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Non-attendance at diabetes outpatient appointments: a systematic review

Non-attendance at diabetes outpatient appointments: a systematic review
Non-attendance at diabetes outpatient appointments: a systematic review

Background: Non-attendance at diabetes outpatient appointments is a sizeable problem worldwide and has been associated with suboptimal health outcomes. We aimed to describe the characteristics, health outcomes and reasons given for non-attendance at doctor- or nurse-led diabetes appointments, and interventions to improve attendance. Methods: PubMed, EMBASE, CINAHL and PsychInfo were searched from database inception to February 2019. Included articles were peer-reviewed, published in English, related to adults or young people with type 1 or type 2 diabetes, and addressed one of the above aspects of non-attendance. Studies were excluded if reporting on other types of diabetes or reviewing attendance at structured education, retinal screening, paediatric, antenatal, podiatry or dietetic clinics. Results: Thirty-four studies of varied designs were identified (15 observational, 1 randomized control trial, 9 qualitative, 5 surveys, 4 service improvements). The definition of non-attendance varied. Younger adults, smokers and those with financial pressures were less likely to attend. Non-attendance was associated with higher HbA 1c; other outcomes were varied but typically worse in non-attenders. Reasons for non-attendance in qualitative studies fell into three categories: balancing the costs and benefits of attendance, coping strategies, and the relationships between the person with diabetes and healthcare professionals. Interventions included appointment management strategies, service improvements, patient navigators and WebCam appointments. Conclusions: Non-attendance is only partially explained by logistical issues. Qualitative studies suggest complex psychosocial factors are involved. Interventions have progressed from simple appointment reminders in an attempt to address some of the psycho-social determinants, but more work is needed to improve attendance.

0742-3071
1427-1442
Brewster, Sarah
d2f1b45f-e5e4-4fa5-91c0-92df50772c83
Bartholomew, Jazz
2264ba13-20c3-48ff-94eb-6ec49ee9a7c6
Holt, Richard
d54202e1-fcf6-4a17-a320-9f32d7024393
Price, Hermione
2d0a0ee9-39fe-4723-92c9-bacfe2dffc94
Brewster, Sarah
d2f1b45f-e5e4-4fa5-91c0-92df50772c83
Bartholomew, Jazz
2264ba13-20c3-48ff-94eb-6ec49ee9a7c6
Holt, Richard
d54202e1-fcf6-4a17-a320-9f32d7024393
Price, Hermione
2d0a0ee9-39fe-4723-92c9-bacfe2dffc94

Brewster, Sarah, Bartholomew, Jazz, Holt, Richard and Price, Hermione (2020) Non-attendance at diabetes outpatient appointments: a systematic review. Diabetic Medicine, 37 (9), 1427-1442. (doi:10.1111/dme.14241).

Record type: Review

Abstract

Background: Non-attendance at diabetes outpatient appointments is a sizeable problem worldwide and has been associated with suboptimal health outcomes. We aimed to describe the characteristics, health outcomes and reasons given for non-attendance at doctor- or nurse-led diabetes appointments, and interventions to improve attendance. Methods: PubMed, EMBASE, CINAHL and PsychInfo were searched from database inception to February 2019. Included articles were peer-reviewed, published in English, related to adults or young people with type 1 or type 2 diabetes, and addressed one of the above aspects of non-attendance. Studies were excluded if reporting on other types of diabetes or reviewing attendance at structured education, retinal screening, paediatric, antenatal, podiatry or dietetic clinics. Results: Thirty-four studies of varied designs were identified (15 observational, 1 randomized control trial, 9 qualitative, 5 surveys, 4 service improvements). The definition of non-attendance varied. Younger adults, smokers and those with financial pressures were less likely to attend. Non-attendance was associated with higher HbA 1c; other outcomes were varied but typically worse in non-attenders. Reasons for non-attendance in qualitative studies fell into three categories: balancing the costs and benefits of attendance, coping strategies, and the relationships between the person with diabetes and healthcare professionals. Interventions included appointment management strategies, service improvements, patient navigators and WebCam appointments. Conclusions: Non-attendance is only partially explained by logistical issues. Qualitative studies suggest complex psychosocial factors are involved. Interventions have progressed from simple appointment reminders in an attempt to address some of the psycho-social determinants, but more work is needed to improve attendance.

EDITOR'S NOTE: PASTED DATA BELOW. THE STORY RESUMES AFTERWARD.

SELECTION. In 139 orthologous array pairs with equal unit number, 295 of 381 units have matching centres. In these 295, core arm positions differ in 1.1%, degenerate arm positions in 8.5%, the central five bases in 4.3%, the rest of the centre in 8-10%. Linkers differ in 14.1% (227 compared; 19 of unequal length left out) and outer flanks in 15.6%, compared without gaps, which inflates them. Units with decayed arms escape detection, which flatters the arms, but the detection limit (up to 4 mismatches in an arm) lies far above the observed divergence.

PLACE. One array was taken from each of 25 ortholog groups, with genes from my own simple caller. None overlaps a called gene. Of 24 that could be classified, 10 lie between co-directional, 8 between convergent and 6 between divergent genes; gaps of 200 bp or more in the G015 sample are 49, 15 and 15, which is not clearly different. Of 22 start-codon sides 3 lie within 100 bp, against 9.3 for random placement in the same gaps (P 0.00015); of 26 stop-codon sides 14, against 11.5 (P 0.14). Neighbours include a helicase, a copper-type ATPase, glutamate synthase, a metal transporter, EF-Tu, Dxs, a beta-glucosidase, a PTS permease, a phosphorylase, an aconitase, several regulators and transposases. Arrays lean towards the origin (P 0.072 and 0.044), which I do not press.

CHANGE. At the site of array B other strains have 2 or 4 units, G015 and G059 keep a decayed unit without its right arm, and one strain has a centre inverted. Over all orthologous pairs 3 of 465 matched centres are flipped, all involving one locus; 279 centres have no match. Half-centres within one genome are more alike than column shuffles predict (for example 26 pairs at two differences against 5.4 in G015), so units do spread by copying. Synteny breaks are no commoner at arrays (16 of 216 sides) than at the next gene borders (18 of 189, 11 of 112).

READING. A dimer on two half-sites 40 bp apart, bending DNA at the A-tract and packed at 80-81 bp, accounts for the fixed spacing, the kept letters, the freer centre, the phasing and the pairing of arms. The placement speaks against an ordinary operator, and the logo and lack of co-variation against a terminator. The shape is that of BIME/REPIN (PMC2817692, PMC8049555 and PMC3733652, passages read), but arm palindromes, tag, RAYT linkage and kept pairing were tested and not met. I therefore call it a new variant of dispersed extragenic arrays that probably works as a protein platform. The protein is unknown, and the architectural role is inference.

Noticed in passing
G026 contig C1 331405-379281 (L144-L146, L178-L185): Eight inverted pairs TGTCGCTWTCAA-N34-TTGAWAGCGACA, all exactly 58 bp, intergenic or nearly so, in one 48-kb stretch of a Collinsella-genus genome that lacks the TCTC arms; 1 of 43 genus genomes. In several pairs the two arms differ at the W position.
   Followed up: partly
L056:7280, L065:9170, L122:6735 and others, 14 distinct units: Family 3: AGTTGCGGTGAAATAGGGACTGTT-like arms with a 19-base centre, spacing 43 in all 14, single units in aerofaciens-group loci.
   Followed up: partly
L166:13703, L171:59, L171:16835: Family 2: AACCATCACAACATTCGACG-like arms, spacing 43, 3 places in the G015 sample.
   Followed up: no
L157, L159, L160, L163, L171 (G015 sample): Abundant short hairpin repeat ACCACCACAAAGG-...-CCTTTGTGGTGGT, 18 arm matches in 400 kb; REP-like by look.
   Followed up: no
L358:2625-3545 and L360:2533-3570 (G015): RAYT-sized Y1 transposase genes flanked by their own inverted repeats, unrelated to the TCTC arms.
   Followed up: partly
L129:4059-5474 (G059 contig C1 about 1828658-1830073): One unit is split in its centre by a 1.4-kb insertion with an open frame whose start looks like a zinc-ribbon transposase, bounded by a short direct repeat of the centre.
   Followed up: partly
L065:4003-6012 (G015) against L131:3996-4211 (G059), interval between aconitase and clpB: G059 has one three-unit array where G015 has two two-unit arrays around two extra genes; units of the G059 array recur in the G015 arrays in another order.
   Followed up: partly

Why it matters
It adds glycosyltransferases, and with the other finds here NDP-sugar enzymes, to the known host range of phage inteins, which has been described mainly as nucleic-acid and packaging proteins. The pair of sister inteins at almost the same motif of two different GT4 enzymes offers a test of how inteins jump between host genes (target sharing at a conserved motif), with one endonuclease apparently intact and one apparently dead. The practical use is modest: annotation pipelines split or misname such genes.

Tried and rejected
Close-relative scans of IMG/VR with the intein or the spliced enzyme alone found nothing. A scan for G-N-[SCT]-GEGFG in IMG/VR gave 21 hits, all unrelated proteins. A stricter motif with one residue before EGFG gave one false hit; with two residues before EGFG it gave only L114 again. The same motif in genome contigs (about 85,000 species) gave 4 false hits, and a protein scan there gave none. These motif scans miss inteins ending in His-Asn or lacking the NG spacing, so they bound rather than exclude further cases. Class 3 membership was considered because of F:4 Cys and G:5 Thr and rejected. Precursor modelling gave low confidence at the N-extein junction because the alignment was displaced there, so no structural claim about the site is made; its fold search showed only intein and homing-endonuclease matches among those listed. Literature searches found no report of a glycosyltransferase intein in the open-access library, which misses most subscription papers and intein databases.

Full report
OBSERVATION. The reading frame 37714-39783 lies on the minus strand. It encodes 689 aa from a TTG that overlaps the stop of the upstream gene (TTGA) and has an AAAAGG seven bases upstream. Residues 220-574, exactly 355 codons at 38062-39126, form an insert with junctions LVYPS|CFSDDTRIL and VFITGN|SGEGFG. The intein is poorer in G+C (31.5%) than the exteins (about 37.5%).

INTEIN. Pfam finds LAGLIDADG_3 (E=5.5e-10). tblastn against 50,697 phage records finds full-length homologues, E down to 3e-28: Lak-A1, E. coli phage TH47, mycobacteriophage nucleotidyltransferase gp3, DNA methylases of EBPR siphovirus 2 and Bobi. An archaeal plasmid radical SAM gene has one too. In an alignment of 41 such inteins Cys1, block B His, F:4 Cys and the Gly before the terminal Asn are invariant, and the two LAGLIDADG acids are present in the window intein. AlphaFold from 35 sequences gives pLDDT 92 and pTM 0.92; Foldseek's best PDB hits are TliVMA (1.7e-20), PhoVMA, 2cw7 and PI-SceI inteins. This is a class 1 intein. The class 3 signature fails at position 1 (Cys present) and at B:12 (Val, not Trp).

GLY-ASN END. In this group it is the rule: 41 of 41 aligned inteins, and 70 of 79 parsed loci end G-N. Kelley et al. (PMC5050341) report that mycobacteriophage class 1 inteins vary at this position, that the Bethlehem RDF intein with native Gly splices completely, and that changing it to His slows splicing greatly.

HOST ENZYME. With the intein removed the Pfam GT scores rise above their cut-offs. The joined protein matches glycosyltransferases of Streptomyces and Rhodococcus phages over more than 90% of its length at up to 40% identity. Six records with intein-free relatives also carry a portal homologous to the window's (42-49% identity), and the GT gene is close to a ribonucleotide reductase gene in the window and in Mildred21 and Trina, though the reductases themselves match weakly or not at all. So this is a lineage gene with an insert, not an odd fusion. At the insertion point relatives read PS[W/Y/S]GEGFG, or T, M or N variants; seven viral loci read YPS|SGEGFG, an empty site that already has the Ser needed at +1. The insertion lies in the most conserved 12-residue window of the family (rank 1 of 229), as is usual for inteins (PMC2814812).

Text
Non-attendance systematic review REVISED tracked changes removed- 19.11.2019 without appendix - Accepted Manuscript
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More information

Accepted/In Press date: 16 January 2020
e-pub ahead of print date: 22 January 2020
Published date: 1 September 2020
Additional Information: Funding Information: The authors acknowledge Professor Jane Portlock, Visiting Professor of Pharmacy Practice, University of Portsmouth, and Paula Sands, Research Engagement Librarian, University of Southampton. Publisher Copyright: © 2020 Diabetes UK

Identifiers

Local EPrints ID: 436612
URI: http://eprints.soton.ac.uk/id/eprint/436612
ISSN: 0742-3071
PURE UUID: b4bd3f2e-20b2-473b-8340-7a9f1d97bb24
ORCID for Richard Holt: ORCID iD orcid.org/0000-0001-8911-6744

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Date deposited: 18 Dec 2019 17:30
Last modified: 06 Aug 2022 04:01

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Contributors

Author: Sarah Brewster
Author: Jazz Bartholomew
Author: Richard Holt ORCID iD
Author: Hermione Price

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